Our business, financial results and operations may be adversely affected by economic or political instability and/or uncertainty, in particular relating to the impact of the COVID-19 pandemic.
The Group may also be impacted by the UK’s exit from the European Union.
The Group’s performance is also impacted by potential recessions, inflation, exchange rates, taxation rates and social unrest.
The Board and management will continue to consider the impact on the Group’s businesses, monitor developments and engage with the UK, Irish and Scottish Governments to help ensure a manageable outcome for our businesses.
The Group has taken a number of immediate measures to respond to the impact of the emergence of COVID-19.
Group businesses are active members in respected industry trade bodies including being a steering committee member of the all-party UK Parliamentary Beer Group and the United States Association of Cider Makers.
On an ongoing basis, the Group seeks, where appropriate, to mitigate currency risk through hedging and structured financial contracts and take appropriate action to help mitigate the consequences of any decline in demand within its markets.
Failure to implement policies and meet required sustainability and ethical standards and social perceptions could significantly impact C&C’s reputation as well as potentially impact future growth.
The Group seeks to operate as efficiently and sustainably as possible. There are objectives in place to continually reduce emissions and become a carbon neutral company by 2025.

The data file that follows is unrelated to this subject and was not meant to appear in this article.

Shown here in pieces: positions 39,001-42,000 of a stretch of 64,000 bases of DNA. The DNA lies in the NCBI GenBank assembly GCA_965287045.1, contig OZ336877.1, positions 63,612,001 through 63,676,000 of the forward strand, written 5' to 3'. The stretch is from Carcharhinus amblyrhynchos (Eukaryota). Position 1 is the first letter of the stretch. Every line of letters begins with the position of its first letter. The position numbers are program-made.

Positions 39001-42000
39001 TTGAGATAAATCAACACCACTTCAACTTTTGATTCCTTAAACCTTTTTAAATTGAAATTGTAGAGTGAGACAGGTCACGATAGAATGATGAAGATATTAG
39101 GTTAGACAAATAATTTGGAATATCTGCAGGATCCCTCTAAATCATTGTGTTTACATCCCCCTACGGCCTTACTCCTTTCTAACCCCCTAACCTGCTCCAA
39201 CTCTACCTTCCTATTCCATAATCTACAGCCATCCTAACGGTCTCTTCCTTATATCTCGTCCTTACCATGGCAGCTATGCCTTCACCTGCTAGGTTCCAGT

The Group is seeking to continually reduce waste levels and also the use of single use plastics. The Group continues to be proactive in conserving water usage and minimising energy usage.
Both Clonmel and Wellpark sites continue to be ISO14001 accredited for an effective environmental management system.
The Group ensures strong overall corporate social responsibility of suppliers is reviewed and assessed both on an ongoing basis and as part of new tenders to ensure sustainability and ethical practices are a fundamental part of the supply chain.
Change in customer and consumer dynamics and Group performance
Consumer preference may change, new competing brands may be launched and competitors may increase their marketing or change their pricing policies. Failure to respond to competition and/or changes in customer preferences could have an adverse impact on sales, profits and cash flow within the Group.
COVID-19 may have an impact on the viability of a certain cohort of the Group’s customers and on underlying consumer behaviour and preferences.
Through diversification, innovation and strategic partnerships, we are developing our product portfolio to enhance our offering of niche and premium products to satisfy changing consumer requirements including the production of low and non-alcoholic variants of our brands.
The Group has a programme of brand investment, innovation and product diversification to maintain and enhance the relevance of its products in the market.
The Group also operates a brand‐led model in our core geographies with a comprehensive range to meet consumer needs.